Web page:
The FA get the job done
Tuesday 25 November ~
Anyone browsing the job sections in the broadsheet press in recent weeks may have noticed an advertisement for the post of chief executive of the Football Association. The current holder of the post Brian Barwick leaves officially at the end of the year although he has had plenty of time to improve his golf handicap since the summer when he was relieved of most of his responsibilities by FA chairman Lord Triesman. The deadline for applications was last Friday with the candidate sifting being done by a headhunting firm called Nolan Partners who offer “executive search and selection in sport”.
In a doubtlessly doomed bid to forestall a postbag packed with unsuitable CVs, the advert states that “it is unlikely that anyone without a track record of running a substantial business or organisation will have the necessary experience to take on this role”. No such caveats will put off the delusional applicant, not least when they only appear in the eighth of 12 paragraphs in among babble about “complex multi-stakeholder environments”.
But relevant experience may not count for much in any case. Brian Barwick had been head of sport at ITV sport yet by common consent he performed poorly in his FA role, notably in his negotiations over the most recent television contract for England games and the FA Cup, and in fumbling the appointment of Luiz Felipe Scolari as England coach in 2006.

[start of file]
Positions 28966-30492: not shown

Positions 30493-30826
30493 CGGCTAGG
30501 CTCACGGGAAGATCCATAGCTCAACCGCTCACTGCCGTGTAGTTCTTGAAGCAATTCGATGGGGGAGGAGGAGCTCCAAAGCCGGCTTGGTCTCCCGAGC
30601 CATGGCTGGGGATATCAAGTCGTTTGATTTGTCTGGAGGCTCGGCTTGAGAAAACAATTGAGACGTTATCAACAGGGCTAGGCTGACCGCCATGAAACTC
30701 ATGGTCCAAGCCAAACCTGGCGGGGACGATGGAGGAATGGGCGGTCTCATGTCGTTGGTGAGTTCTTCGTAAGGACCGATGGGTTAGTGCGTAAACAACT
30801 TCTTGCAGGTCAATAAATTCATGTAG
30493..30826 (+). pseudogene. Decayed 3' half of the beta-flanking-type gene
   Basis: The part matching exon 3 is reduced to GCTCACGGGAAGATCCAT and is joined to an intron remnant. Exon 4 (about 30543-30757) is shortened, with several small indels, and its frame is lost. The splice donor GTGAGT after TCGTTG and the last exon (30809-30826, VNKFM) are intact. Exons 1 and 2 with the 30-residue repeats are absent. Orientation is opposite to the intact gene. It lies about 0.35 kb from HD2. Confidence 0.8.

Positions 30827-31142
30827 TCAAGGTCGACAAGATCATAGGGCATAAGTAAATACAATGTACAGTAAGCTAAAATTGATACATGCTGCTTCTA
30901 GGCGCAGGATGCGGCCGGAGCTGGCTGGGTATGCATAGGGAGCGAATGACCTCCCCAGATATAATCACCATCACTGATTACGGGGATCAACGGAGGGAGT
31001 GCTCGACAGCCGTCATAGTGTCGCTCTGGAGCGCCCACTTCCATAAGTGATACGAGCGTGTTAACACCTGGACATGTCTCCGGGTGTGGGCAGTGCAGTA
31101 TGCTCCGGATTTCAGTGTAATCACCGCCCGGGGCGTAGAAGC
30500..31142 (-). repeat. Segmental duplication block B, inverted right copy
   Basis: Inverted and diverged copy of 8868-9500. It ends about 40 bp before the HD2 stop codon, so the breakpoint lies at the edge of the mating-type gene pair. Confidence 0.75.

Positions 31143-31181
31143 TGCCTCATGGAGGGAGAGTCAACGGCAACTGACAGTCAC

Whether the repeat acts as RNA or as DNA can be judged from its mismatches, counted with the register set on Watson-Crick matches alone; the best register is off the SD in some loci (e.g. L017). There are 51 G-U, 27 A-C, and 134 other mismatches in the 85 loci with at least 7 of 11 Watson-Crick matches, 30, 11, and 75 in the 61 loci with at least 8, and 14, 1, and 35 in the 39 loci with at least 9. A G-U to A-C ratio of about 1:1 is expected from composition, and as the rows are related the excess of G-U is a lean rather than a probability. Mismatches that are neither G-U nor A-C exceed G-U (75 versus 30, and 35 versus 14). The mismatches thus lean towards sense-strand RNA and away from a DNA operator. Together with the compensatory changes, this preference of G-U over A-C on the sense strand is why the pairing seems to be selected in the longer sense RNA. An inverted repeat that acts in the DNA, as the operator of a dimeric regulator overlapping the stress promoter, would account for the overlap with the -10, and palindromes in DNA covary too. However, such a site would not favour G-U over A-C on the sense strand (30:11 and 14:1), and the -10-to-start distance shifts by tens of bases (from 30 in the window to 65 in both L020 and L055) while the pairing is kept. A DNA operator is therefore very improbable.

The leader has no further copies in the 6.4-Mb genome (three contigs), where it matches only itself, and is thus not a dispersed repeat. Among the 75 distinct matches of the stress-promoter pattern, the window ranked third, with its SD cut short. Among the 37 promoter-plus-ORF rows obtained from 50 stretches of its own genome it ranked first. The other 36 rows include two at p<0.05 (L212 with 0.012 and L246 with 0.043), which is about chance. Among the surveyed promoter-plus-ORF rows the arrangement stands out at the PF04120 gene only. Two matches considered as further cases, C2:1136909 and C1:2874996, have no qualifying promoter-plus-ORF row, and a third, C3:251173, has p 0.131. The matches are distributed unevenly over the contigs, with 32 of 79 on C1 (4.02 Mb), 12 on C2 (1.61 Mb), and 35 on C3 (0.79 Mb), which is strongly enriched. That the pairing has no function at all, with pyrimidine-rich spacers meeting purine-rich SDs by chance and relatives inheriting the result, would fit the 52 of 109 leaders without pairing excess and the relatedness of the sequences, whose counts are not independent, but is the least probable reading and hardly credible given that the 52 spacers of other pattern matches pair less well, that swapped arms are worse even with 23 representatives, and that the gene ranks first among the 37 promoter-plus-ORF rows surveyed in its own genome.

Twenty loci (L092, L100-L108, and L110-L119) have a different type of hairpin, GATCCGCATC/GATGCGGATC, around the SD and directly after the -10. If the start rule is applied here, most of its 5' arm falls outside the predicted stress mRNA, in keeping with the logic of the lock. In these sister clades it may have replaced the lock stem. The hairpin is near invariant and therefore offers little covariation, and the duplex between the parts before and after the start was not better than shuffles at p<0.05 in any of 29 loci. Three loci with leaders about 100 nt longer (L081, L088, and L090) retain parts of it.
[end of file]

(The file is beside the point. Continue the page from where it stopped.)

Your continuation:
There will be more new faces at the FA soon as they are also recruiting a chief operating officer (a title once held by Kevin Keegan when he worked at Fulham) for the 2018 World Cup bid. For the past six months this role has been performed by one of Barwick’s main allies at the FA, Simon Johnson, whose links to the outgoing chief executive make it unlikely that he will be kept on.
The FA's remunerations panel, who have to decide on the “significant six figure salary” that will be paid to the new chief executive, have also been asked to approve paying £200,000 per annum to the 2018 bid COO and a further £100,000 to the bid chairman, a job that will involve two days work per week and is expected to be performed by the multiple hat-wearing Lord Triesman. The 2018 bid staff will be moving from Soho Square to new offices at Wembley some time next year, once the role of chief executive in charge of relocations has been filled. An HGV licence will be required.
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